Spousal maintenance (aka alimony) is less common these days with dual income families being the norm. Having a spouse who stops paying is nevertheless one problem that still occurs from time to time. A spouse can request a modification based on changing circumstances, such as declining health or a job switch. But both sides must agree if the arrangement is to be altered. In other words, one side can’t simply stop paying.
Penalties for not paying
Spouses subject themselves to a variety of potential problems if they opt not to pay. These include:
- Those who do not make child or spousal support payments here in New York can lose their driver’s license.
- The court may hold the spouse in civil contempt of court, particularly if there is no explanation forthcoming for not paying.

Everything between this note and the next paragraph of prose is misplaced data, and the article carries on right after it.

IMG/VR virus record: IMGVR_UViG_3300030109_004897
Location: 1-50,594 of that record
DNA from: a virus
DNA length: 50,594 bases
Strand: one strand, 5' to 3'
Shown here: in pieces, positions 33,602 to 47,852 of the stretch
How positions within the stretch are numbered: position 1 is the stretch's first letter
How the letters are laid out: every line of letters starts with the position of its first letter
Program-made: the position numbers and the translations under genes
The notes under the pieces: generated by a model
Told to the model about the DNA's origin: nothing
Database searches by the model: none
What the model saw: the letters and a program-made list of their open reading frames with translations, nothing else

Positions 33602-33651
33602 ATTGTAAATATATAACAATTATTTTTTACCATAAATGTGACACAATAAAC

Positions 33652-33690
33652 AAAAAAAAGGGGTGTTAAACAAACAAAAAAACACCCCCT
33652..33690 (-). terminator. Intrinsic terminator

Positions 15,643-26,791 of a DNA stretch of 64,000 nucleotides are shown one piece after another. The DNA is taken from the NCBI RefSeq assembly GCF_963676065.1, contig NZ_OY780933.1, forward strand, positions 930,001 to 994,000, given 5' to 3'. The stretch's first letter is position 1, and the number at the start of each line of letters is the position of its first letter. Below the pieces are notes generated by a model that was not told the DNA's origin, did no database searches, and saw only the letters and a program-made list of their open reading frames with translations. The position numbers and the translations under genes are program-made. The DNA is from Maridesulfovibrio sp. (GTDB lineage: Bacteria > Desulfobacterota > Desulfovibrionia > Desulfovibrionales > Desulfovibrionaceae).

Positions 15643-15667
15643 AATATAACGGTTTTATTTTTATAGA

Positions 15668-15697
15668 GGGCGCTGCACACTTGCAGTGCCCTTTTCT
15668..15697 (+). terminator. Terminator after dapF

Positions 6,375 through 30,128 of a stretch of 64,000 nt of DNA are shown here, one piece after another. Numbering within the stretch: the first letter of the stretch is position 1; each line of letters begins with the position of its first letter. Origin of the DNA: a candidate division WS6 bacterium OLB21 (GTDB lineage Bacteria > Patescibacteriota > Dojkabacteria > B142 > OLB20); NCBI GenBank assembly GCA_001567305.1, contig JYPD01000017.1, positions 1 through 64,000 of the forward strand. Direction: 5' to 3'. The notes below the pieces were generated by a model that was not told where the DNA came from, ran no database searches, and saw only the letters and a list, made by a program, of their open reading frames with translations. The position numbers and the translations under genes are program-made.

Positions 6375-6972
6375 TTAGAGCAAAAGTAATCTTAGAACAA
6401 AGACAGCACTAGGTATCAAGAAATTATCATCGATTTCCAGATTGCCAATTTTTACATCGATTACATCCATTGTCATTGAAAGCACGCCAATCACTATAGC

If the courts get involved
The court holds a hearing where it is recommended that each side hire legal counsel, or the court can appoint counsel. If the court finds that the spouse has no money or means to pay maintenance, the judge likely will not punish the spouse. However, if the court finds that the spouse willingly withholding funds, this can be criminal contempt of court. If this is the case, several things can happen:
- They can be fined additional money
- They can be sentenced to jail
- They will have to pay attorneys’ fees
- They will still owe all the money outlined in the original arrangement
Communication is the key
The smart approach is to communicate with the other side and see if the dispute can be resolved between the lawyers, perhaps with the aforementioned modification. Short of that, explaining circumstances to the judge will potentially help, but it is smart either way to consult with an attorney. The biggest and most expensive mistake is to simply not paying maintenance. An attorney with experience in family law can provide guidance regarding your dispute and perhaps help you to make a reasonable modification.